A new survey of parents nationwide finds nearly a third say the benefits of gathering with extended family for the holidays are worth the risk of spreading or getting the coronavirus, and almost 3-in-5 plan to see extended family in person.
This is according to a poll conducted by the C.S. Mott Children’s Hospital in partnership with the University of Michigan. They heard from almost 1,500 parents with at least one child 12 or younger.
Among parents who usually see extended family, outside their household, on Thanksgiving, 61 percent said they still plan to meet in-person in some way for the holiday this week. However, only 18 percent of those family get togethers are planning to include people from out-of-state.
“For many parents, holidays mean sharing special rituals across different generations and opportunities for children to connect with grandparents, cousins, and other relatives,” Sarah Clark, M.P.H., a co-director at Mott Children’s Hospital National Poll on Children’s Health, said.
“Our report suggests that while many children have spent less time with relatives during the pandemic, some parents may have a hard time foregoing holiday gatherings in order to reduce COVID-19 risks.”
Of those planning to get together in person, some parents say they are considering changes because of the pandemic. These include asking people with symptoms or recent exposures not to attend, limiting contact between young children and elderly guests, keeping guests socially distant when possible, and wearing masks indoors.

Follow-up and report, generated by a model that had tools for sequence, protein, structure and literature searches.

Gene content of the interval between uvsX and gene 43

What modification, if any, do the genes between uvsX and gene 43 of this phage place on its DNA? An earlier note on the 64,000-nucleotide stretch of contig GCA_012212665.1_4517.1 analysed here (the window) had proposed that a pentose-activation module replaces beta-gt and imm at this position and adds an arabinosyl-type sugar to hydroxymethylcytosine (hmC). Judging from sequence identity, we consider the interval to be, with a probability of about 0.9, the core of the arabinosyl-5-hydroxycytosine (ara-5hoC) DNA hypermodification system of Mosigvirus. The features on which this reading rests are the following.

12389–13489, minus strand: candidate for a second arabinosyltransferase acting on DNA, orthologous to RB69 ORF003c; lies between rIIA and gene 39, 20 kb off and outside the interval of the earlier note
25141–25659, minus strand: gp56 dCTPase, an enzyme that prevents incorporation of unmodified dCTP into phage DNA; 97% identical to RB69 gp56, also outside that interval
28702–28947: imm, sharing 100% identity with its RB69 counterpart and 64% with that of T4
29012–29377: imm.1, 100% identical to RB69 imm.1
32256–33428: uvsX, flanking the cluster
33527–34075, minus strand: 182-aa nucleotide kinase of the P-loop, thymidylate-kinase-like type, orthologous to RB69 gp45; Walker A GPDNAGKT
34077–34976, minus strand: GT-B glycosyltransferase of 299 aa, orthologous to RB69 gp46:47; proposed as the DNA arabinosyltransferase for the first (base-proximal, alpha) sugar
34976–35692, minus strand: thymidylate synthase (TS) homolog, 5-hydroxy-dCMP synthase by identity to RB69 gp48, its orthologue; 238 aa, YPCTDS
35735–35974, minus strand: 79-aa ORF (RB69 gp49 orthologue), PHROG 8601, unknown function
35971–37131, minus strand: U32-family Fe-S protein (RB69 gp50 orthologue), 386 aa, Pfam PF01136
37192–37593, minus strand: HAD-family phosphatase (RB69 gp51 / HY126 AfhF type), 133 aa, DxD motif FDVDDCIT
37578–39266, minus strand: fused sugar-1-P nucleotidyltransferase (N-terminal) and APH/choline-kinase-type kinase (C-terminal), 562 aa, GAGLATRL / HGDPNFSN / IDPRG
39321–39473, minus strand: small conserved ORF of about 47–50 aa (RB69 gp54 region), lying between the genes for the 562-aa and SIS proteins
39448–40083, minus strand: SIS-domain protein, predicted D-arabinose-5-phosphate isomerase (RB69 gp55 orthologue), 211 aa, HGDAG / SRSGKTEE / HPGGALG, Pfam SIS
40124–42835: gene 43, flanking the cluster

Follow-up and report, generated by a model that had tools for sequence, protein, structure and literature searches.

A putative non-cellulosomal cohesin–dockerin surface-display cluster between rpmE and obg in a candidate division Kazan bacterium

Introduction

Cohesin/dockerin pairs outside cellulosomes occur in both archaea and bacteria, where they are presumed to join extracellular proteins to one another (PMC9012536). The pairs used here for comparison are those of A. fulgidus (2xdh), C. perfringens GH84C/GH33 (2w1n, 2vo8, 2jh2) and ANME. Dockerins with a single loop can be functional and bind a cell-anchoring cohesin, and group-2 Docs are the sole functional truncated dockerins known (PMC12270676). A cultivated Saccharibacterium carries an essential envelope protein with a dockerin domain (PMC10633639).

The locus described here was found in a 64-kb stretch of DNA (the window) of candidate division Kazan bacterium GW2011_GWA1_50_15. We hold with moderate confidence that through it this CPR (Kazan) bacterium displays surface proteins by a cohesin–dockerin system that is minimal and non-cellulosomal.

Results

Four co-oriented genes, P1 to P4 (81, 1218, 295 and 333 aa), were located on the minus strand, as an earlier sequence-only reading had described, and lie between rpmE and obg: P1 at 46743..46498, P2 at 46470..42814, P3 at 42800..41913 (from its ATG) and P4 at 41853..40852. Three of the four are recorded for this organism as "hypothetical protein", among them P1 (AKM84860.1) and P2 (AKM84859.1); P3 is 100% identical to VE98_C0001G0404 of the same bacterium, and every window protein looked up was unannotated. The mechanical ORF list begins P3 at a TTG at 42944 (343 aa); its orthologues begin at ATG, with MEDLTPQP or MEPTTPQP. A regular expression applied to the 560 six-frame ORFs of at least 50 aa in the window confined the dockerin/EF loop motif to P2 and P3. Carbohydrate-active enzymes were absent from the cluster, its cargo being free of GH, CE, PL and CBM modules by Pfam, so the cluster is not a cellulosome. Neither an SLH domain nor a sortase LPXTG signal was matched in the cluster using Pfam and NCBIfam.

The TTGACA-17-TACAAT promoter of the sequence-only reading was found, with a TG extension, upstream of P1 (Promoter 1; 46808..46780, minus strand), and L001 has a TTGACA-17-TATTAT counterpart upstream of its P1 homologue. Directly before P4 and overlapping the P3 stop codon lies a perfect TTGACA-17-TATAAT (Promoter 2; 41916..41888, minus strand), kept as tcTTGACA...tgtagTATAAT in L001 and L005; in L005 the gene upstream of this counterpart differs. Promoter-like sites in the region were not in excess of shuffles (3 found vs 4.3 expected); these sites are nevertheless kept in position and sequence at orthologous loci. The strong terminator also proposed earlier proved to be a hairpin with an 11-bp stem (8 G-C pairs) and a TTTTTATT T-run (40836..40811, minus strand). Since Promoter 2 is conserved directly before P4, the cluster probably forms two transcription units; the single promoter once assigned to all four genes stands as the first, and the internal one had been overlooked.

Nearly two-thirds of those planning to get together in-person said they would not invite certain family members who have not been practicing safety precautions like wearing a mask in public.
Clark warns parents that these conversations with family members could get uncomfortable.
“It may be difficult to maintain distance between children and high risk adults throughout a multi-day visit or even during a lengthy dinner,” Clark said in a release about the survey. “Parents should be realistic about how feasible it will be to limit contact and think carefully about whether to gather in person with high-risk family members.”
The findings are being published as coronavirus cases are spiking in America, reaching 12 million positive cases since the pandemic started, an increase of 1 million positive cases in just six days. There are more than 257,000 recorded deaths in this country.
On Friday, a week before Thanksgiving, the Centers for Disease Control and Prevention urged Americans not to travel for the holiday; they also recommend limiting small gatherings, wearing masks even indoors, being outside if possible and opening windows when it’s not.
“We all know that large public gatherings carry great risks of spreading COVID-19. But small and casual social gatherings where people feel most ‘safe’ are also part of what has been fueling transmission,” Clark said. “With COVID-19 cases increasing in every state, it is essential that all family members do their part to prevent further spread. That may mean celebrating the holidays a little differently this year.”